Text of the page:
That sort of nonsense might work on religions and in college electives, but it doesn’t pass muster in the real world. Items #25 and #26 in the ToS give CCP carte blanche to permaban anyone for any reason. Arguments towards precedent and a nebulous obligation to do a full crusade sort of remind me of the Buridan’s ass paradox. On paper, it “makes sense” that a donkey inbetween two equally distant piles of food would starve to death because it can’t decide between them. In the actual real world, people have the ability to make arbitrary decisions and judgment calls. Just because E1 is banned does not necessarily mean CCP has to, by some mysterious logical mechanism, ban the EVE guild that threatens to blow your ship up unless you sing to them on their chat channel. So very few people understand the Slippery Slope is actually a fallacy; it’s entirely possibly to (subjectively!) determine that one is a more egregious example than the other and stop on the slope.
Then again, hey, that singing extortion thing is pretty fucking weird and exploitative and maybe they shouldn’t be doing that either. If these are the sort of examples people point to concerning how “EVE is real,” perhaps it’s time to re-examine whether that tagline actually relates a positive quality. We don’t have to abandon every game in which someone’s feelings might get hurt, but how about we aim for, as Jester points out, the ballpark figure of “your mother can listen to this without thinking you’re a psychopath.”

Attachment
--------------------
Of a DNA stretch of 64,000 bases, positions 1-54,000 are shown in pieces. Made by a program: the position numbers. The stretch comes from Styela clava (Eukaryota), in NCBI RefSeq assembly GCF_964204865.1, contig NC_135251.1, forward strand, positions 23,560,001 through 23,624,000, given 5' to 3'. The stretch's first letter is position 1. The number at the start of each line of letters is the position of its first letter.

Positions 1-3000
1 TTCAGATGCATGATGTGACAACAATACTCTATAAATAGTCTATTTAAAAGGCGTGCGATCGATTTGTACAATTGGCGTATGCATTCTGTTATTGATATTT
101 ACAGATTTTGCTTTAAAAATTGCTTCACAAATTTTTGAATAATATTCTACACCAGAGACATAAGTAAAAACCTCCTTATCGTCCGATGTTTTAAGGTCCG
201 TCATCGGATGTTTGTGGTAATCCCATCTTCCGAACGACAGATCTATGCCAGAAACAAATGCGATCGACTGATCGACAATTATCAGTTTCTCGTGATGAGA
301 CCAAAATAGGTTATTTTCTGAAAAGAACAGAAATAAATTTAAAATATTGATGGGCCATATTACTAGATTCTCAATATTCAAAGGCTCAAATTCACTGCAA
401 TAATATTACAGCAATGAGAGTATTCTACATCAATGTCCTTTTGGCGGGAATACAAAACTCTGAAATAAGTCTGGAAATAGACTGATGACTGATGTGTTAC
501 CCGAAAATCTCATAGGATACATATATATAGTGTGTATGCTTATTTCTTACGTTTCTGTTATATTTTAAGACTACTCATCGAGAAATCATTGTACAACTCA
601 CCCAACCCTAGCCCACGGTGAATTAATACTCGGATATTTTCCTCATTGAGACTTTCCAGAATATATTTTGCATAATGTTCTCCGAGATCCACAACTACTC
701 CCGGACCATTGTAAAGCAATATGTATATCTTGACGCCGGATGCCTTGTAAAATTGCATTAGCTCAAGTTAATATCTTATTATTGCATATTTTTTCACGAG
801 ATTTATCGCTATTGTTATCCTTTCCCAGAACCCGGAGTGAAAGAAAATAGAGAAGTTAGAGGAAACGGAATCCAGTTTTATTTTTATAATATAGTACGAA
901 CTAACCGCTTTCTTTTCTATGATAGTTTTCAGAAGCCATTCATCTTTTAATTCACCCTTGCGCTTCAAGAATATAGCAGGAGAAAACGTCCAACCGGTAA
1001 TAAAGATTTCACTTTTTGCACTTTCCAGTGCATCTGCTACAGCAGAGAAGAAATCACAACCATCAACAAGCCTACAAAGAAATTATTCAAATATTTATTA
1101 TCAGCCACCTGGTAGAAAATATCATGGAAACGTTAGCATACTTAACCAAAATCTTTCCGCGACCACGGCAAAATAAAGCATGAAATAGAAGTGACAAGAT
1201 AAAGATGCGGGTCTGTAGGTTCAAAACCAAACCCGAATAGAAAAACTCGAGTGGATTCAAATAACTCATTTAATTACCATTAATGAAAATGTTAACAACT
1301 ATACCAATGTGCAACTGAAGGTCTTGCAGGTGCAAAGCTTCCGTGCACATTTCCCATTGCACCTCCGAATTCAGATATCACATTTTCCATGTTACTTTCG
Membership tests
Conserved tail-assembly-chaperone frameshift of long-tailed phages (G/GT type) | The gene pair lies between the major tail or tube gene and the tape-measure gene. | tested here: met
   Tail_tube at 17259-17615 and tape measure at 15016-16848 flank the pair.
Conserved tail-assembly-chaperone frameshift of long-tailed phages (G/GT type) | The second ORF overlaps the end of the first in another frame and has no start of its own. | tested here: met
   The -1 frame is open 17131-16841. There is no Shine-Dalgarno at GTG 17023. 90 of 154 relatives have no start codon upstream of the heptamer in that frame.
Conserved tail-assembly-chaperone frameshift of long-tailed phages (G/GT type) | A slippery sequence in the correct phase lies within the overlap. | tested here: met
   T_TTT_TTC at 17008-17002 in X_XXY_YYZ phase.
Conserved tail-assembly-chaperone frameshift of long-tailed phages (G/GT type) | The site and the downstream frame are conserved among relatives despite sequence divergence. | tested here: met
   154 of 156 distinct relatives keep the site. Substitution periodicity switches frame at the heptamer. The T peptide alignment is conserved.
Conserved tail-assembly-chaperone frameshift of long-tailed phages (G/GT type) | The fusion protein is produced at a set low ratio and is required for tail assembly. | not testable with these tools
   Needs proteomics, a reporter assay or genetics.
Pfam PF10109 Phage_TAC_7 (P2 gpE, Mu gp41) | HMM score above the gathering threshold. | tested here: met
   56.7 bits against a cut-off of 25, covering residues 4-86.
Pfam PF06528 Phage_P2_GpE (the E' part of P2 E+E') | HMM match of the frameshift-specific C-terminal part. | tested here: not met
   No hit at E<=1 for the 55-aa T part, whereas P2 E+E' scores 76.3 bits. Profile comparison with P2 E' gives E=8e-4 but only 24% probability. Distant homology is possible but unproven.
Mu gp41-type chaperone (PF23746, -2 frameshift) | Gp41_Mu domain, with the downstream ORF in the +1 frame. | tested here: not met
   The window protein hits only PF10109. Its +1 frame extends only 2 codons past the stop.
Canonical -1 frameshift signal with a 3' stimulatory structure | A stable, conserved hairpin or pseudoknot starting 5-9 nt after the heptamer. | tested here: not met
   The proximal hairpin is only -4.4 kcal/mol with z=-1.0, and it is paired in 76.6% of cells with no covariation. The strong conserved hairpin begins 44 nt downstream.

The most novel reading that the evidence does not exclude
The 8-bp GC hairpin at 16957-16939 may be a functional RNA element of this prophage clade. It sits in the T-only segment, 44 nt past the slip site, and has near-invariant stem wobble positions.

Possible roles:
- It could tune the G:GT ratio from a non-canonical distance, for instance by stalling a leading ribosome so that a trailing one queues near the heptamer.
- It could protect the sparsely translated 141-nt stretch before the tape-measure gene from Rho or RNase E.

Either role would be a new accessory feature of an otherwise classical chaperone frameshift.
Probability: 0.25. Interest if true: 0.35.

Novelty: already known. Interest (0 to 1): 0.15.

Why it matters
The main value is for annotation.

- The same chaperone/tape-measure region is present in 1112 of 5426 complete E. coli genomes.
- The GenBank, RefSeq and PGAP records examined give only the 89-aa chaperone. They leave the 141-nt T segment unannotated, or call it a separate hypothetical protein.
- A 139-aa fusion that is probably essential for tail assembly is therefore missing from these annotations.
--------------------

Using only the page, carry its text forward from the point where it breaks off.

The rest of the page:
¹ Gevlon’s counter-argument to this is that a liar no one believes is an actor or comedian. Err… no. Those professions do not rely on untruth to scam or exploit out of wealth, power, or security; the intent is to amuse, surprise, and entertain. It’s a nonsensical argument akin to suggesting a torturer and a dentist are similar because they both hurt you.